2. Capabilities and intentions.

    Presupposing the capability to attack, would the theoretical aliens wish to occupy our planet and subjugate us, or simply wipe us out?

    The latter intent, for a starfaring civilization, would be ridiculously easy. You wouldn’t even have to use whatever weapons you bring with you. Just sneak into the asteroid belt (or the Kuiper Belt, although that would take longer) and start nudging big rocks our way. They wouldn’t have to be dinosaur-killers if there were a lot of them. Saturating whatever defenses we might have (unknown to nonexistent at present) would be a matter of detail.

    What tech level would be required for a single ship to accomplish this mission? Undetected, more likely than not, except for indirectly? (If a couple of hundred 1000-tonne asteroids headed this way in a short period of time that might set off some alarm bells somewhere.)

    Occupation and subjugation is a whole different matter. Leaving aside any and all scenarios regarding motivation (as you rightly point out, our theoretical attackers are, well, ALIEN) this one requires the ability to affect the actions of billions of people — so, either “boots on the ground” at one end of the spectrum, or “mind control at a distance” on the other end.

    As for mind control at a distance, well, how would you know? Given the present political situation here in the States, I think one might raise a quasi-serious argument that such an attack may actually be in process.

    But since that’s just a fun scenario (one hopes and devoutly wishes), let’s look at “boots on the ground.”

    One word: logistics. That brings us squarely back to the thorny subject of “capabilities,” i.e. what sort of weapons and tactics will our aliens use?

    We don’t know. We have to assume that whatever weapons and tactics are employed, they have to be tailored to transportation across interstellar distances. That raises the question of effectiveness. There’s no point in bringing a couple of dozen ETs armed with slingshots 100 LY as your invasion force. So the argument becomes the individual soldier operating a black-box weapons system, versus how many such operators ET intelligence analysts estimate would be required to subjugate the planet. This raises the corollary idea that ET has to know something about our own capabilities, i.e., they have to conduct a preliminary reconnaissance sufficient enough to develop an operational plan.

    Suppose they start with sufficient EMP bursts to disable or destroy all unhardened electrical transmission systems and communications networks. This would include things as mundane as computerized auto ignitions, rendering automobiles useless. Not to mention water purification, food and medicine refrigeration, and other necessities of modern civilization, which would promptly vanish, leading to potentially catastrophic casualties (percent unknown, but I’ve seen estimates in excess of 75%) and the effective destruction of our present civilization. Survivors, left to their own devices, would be lucky to achieve mid-19th Century levels of technology. We could do this to ourselves right now.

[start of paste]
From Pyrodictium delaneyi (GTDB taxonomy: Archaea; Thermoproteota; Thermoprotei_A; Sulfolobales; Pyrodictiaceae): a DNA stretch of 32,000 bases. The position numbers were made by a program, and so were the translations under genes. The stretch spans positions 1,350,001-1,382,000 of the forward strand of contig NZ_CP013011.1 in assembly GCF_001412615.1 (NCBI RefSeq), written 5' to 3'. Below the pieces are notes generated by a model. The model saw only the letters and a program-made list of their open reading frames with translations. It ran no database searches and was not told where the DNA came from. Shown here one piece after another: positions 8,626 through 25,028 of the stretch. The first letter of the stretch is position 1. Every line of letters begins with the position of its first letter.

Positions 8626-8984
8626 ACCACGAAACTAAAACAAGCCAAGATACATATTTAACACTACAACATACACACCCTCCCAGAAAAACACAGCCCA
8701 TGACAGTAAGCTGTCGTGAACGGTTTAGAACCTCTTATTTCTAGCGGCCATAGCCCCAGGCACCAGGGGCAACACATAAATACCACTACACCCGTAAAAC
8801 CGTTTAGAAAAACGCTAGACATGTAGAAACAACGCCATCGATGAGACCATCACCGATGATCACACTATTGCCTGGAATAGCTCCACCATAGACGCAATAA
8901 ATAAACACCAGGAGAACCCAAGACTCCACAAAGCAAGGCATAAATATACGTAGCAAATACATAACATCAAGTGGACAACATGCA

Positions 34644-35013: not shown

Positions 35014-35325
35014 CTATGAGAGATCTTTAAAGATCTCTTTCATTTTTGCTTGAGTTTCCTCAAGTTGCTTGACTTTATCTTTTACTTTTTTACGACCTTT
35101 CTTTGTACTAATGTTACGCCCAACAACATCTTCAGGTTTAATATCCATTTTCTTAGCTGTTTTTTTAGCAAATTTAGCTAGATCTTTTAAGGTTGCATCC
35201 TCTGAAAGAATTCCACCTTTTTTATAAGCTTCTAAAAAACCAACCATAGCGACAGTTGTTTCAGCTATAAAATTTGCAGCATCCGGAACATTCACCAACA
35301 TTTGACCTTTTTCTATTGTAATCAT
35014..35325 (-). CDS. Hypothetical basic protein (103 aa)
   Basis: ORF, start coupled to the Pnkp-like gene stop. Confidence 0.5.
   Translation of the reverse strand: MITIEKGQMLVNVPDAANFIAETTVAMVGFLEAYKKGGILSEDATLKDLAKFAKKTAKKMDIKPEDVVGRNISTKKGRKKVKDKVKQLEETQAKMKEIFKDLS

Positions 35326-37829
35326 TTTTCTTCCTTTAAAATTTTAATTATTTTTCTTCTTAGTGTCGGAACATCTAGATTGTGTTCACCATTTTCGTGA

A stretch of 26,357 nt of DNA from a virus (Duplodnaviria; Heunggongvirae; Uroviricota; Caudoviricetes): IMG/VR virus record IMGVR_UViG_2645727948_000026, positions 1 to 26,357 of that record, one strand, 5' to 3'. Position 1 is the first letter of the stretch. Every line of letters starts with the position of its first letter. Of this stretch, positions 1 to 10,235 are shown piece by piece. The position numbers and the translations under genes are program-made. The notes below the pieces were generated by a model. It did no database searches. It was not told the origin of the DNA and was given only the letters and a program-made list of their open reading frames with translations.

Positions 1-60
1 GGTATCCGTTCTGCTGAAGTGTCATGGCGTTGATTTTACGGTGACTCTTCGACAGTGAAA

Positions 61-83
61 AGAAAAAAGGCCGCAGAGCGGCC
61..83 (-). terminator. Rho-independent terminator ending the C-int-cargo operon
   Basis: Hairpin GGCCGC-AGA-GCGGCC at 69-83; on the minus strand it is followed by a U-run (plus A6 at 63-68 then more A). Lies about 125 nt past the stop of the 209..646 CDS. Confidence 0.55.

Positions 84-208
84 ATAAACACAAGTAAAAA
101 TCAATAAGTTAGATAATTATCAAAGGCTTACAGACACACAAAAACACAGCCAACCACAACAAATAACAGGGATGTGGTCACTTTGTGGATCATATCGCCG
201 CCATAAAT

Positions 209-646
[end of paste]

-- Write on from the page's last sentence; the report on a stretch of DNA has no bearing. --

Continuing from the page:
Then the aliens land and, to the dazed, starved, thirsty, demoralized survivors, pose as the saviors of civilization. Anyone suspicious enough, and/or well-informed enough, to consider the overwhelming coincidence of EMP bursts followed by arrival of “benign” aliens, would probably be disregarded by those desperate for something to eat and potable water to drink. As an illustration of this scenario, I remember Nevil Shute, in his novel A Town Like Alice, described a quaint Outback custom called “poddy-dodging.” It seems applicable here.

    If we assume, as a basis for planning, say, that their weapons include things we hear about as being on DARPA drawing boards but aren’t quite ready for field use, then the corollary to that assumption requires the aliens to actually land and oppose us. This scenario is well illustrated by that interesting novel Footfall, by Jerry Pournelle and Larry Niven.

    And on and on…

    Curse you, Matthew, I’m sitting here trying to work on my next novel, so you have NO business putting out these interesting scenarios to distract me from what I ought to be doing!


  3. Hah! It is distracting, isn’t it! There’s also Heinlein’s take – ‘Have Spacesuit, Will Travel’ where the Wormfaces are using Pluto as main base, forward presence on the Moon – and don’t regard Earth as inhabited by anything except animals. I know he was deliberately riffing on space opera with that one (including the ‘stupid exponential scenario growth’ that led Kip and Peewee from the Moon to Pluto to Vega and then the Lesser Magellanic Cloud) but – apart from the deliberate Doc Smithing – the scenario was certainly plausible, particularly for a ‘minimum effort’ invasion.